Mickey Kuhn Obituary, Death – Mickey Kuhn, who played Beau Wilkes in Gone With the Wind, died yesterday. Please accept our deepest sympathies to his family, friends, and the GWTW fans he adored.
During the 1930s and 1940s, Mickey Kuhn was a Hollywood staple child actor, playing alongside many top Hollywood stars, from Leslie Howard and Conrad Nagel’s son to Dick Tracy’s ward. However, once he reached the “awkward adolescent” stage, he found himself primarily unemployed or in unbilled parts, and he looked for other sources of career fulfillment.

Theodore Matthew Michael Kuhn, Jr. was born on September 21, 1932, in Waukegan, Illinois, as the younger of two children to Theodore Sr. and the former Pearl Hicks. His family moved to Hollywood during the Great Depression, where his father found steady work as a meat cutter. Mickey was cast by Fox Studios at the age of two in the film Change of Heart (1934), starring the preeminent movie couple of the time, Janet Gaynor and Charles Farrell.

He made his film debut as a 5-year-old in Paramount’s A Doctor’s Diary, while attending kindergarten at the Mark-Ken School for Professional Children (1937). His devoted mother oversaw and protected him for the majority of his young career. With roles such as Crown Prince Augustin in the “A” film Juarez (1939), starring Paul Muni and Bette Davis, and Ashley Wilkes’ son Beau in the Civil War classic Gone with the Wind, Mickey and Hollywood had a successful year in 1939.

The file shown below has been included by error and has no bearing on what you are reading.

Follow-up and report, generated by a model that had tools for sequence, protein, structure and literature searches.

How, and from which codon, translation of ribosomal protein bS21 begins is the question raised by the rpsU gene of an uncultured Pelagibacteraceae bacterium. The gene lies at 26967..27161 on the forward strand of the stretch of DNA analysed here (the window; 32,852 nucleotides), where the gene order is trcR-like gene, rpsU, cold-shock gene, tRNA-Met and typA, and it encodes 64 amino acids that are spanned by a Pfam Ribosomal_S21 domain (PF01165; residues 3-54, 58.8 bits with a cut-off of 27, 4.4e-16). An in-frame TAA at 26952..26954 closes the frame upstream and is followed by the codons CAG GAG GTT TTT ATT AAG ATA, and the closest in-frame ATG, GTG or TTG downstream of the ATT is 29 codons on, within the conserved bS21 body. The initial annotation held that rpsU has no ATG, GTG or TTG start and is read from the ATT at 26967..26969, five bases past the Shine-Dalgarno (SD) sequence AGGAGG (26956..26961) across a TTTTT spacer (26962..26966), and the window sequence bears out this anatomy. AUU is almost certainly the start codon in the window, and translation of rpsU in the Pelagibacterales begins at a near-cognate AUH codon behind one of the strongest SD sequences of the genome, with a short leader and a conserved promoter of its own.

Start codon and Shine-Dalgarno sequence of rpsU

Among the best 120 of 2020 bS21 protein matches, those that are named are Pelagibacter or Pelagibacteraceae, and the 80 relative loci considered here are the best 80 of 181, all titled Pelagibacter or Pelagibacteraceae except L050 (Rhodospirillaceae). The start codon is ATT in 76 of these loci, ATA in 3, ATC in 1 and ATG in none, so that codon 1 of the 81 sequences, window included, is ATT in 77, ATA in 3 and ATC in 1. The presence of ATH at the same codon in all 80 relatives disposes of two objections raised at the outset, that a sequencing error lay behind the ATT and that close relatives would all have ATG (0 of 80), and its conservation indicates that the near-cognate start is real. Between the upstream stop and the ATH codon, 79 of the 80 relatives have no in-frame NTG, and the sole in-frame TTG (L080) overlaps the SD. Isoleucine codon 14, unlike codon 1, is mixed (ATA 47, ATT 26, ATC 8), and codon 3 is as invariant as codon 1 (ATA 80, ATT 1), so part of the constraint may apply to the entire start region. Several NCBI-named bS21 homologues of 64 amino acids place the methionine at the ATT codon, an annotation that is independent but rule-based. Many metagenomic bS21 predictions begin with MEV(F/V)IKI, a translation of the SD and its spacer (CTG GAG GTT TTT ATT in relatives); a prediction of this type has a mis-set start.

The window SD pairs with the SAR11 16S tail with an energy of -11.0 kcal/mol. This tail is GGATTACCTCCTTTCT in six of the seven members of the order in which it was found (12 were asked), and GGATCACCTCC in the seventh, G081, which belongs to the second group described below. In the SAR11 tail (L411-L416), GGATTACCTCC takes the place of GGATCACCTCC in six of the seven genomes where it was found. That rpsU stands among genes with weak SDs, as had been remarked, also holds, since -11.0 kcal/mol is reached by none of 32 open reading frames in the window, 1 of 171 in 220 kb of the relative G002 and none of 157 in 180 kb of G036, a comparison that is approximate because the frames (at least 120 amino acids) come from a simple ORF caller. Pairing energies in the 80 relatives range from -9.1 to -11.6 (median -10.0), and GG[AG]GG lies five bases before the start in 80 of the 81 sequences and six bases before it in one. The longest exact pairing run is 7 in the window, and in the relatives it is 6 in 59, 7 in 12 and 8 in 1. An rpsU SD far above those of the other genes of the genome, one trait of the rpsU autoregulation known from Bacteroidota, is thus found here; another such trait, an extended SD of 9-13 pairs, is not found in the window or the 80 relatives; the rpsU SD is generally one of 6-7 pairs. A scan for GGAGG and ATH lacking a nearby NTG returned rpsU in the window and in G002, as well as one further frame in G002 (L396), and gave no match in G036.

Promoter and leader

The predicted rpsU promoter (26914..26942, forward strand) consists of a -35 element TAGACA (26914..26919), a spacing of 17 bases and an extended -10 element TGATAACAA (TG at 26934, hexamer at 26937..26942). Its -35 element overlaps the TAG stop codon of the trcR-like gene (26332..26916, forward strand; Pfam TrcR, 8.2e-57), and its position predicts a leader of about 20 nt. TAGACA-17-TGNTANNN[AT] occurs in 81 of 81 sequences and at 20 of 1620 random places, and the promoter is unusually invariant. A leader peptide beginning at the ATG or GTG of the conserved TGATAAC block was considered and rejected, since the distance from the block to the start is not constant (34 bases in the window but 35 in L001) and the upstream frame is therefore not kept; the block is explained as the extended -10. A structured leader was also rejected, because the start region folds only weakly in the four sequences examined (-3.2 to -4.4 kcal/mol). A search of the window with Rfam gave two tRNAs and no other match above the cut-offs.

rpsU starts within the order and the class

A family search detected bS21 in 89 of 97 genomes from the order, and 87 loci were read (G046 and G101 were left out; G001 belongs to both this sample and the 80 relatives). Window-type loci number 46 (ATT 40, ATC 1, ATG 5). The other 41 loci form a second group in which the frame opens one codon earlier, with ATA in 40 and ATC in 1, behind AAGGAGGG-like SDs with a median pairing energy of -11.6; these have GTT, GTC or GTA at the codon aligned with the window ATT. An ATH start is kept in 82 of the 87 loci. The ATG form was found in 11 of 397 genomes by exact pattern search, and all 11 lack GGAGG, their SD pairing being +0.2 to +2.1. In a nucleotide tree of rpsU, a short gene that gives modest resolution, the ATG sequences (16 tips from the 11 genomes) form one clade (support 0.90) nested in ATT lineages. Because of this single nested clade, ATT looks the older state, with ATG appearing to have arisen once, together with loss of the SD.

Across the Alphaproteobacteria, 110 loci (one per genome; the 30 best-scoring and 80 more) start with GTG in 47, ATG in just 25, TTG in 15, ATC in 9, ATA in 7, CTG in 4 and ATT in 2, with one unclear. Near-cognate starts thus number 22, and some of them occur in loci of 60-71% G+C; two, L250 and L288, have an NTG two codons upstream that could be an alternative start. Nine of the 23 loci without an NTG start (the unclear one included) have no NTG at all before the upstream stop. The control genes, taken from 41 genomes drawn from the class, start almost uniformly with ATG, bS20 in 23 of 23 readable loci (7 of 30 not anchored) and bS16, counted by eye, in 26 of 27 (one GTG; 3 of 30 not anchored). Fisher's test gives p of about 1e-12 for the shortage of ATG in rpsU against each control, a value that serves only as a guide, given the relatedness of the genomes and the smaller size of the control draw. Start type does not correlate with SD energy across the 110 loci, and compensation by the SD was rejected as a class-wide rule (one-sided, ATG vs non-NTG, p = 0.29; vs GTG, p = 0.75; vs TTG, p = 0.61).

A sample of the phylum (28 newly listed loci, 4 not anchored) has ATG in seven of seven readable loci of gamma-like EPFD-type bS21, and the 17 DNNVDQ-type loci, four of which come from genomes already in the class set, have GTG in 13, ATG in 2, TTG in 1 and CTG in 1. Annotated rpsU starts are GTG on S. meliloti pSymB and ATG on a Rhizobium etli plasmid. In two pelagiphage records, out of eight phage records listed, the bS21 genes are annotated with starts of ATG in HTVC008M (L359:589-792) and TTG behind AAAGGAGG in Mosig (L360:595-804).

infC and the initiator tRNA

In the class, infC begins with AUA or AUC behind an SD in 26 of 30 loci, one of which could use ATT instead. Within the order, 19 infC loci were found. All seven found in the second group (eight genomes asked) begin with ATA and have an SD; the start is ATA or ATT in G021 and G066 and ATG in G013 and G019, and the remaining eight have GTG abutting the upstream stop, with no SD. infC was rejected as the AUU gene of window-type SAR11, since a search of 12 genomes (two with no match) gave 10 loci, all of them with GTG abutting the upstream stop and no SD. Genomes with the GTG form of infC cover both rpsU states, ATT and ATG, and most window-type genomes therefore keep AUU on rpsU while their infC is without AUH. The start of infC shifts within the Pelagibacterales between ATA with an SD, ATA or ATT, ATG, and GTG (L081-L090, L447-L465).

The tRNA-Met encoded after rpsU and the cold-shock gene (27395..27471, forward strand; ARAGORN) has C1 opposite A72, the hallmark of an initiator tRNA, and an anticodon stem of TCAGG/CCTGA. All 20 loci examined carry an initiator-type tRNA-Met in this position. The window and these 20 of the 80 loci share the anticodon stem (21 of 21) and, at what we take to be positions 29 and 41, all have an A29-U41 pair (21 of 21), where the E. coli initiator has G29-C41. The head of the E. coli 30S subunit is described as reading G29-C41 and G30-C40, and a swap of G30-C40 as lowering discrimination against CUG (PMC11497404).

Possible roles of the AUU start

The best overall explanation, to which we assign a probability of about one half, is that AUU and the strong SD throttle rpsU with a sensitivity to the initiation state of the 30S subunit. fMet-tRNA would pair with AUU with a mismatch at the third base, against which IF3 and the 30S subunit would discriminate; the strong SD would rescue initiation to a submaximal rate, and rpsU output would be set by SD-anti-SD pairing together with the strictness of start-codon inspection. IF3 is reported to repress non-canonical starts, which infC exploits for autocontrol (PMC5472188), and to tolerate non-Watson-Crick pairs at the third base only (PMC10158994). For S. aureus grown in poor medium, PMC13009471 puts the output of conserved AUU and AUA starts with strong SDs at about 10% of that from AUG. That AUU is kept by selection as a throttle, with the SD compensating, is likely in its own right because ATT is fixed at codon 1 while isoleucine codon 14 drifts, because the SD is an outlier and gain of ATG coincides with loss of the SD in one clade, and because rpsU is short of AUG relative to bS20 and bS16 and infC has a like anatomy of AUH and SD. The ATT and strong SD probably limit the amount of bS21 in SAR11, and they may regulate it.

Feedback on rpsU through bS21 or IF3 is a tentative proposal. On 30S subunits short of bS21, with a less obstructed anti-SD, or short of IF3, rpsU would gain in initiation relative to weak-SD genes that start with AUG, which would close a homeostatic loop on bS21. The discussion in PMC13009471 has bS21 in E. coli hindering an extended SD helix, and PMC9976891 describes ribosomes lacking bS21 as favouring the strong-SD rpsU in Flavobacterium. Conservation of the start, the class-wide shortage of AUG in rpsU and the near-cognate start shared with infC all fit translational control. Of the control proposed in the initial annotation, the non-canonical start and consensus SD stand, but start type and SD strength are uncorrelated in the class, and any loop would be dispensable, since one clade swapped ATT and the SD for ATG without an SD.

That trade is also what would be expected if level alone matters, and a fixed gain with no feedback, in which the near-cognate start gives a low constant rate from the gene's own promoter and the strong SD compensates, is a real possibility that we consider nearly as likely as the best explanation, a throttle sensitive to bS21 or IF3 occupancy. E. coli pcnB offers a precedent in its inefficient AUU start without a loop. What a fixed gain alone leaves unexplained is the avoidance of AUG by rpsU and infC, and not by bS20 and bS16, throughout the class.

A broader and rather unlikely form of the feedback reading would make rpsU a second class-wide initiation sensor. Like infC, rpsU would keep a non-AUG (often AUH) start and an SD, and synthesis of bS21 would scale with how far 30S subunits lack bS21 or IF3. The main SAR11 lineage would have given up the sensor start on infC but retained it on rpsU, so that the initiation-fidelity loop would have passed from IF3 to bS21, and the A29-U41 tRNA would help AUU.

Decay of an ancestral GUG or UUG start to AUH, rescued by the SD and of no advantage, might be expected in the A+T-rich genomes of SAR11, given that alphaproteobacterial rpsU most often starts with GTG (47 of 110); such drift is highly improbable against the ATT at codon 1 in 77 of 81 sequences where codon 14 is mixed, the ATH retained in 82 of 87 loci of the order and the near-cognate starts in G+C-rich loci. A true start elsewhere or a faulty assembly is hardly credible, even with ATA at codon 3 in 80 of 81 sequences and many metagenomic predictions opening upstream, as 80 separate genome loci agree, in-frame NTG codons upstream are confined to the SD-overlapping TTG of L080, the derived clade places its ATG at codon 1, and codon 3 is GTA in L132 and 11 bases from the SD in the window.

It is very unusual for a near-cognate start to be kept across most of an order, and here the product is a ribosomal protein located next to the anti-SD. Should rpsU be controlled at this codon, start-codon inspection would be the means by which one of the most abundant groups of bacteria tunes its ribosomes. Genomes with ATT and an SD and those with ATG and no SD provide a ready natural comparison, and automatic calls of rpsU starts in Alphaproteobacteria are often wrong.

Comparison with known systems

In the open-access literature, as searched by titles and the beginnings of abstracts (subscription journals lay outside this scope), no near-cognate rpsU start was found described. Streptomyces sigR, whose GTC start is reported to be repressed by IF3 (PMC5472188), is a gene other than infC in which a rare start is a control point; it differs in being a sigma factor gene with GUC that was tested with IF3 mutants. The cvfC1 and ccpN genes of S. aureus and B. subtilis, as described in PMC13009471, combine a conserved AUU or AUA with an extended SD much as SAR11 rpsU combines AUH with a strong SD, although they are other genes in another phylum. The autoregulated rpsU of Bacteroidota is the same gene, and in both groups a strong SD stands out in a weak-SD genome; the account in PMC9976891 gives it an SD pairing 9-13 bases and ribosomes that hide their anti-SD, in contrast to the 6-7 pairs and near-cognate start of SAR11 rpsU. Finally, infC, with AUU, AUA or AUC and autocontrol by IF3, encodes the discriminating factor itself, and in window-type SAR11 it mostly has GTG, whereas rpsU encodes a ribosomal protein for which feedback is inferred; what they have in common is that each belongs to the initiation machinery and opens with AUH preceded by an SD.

While he never became a moppet star, he was a dependable and quick learner who appeared in a few high-profile films during the 1940s, including One Foot in Heaven (1941), A Tree Grows in Brooklyn (1945), and Red River (1946). (1946). (1946). (1948). He was a horse enthusiast who starred in action films such as S.O.S. Tidal Wave (1939), Roaring Rangers (1946), and Broken Arrow (1947). (1947). (1947). (1950).

In between film shoots, he turned to the stage as a teenager, performing at the Pasadena Playhouse and other Los Angeles-area theaters. However, fewer opportunities presented themselves to him, so he enlisted in the Navy in 1951. He returned to film and television in 1955, after serving four years in the military, but with little fanfare. He married and had two children around this time. He used his G.I. Bill to attend L.A. Valley College and Cal State Northridge, where he majored in Theater Arts and worked a variety of odd jobs to supplement his income.

In 1965, he was hired as a flight attendant supervisor by American Airlines. He later became an administrative manager at a Boston airport. After his divorce in 1984, he remarried and retired from the airlines in 1995. He recently gave historical tours of and around Boston, as well as appearing at several film festivals. He received the Golden Boot Award for his work in westerns in 2005.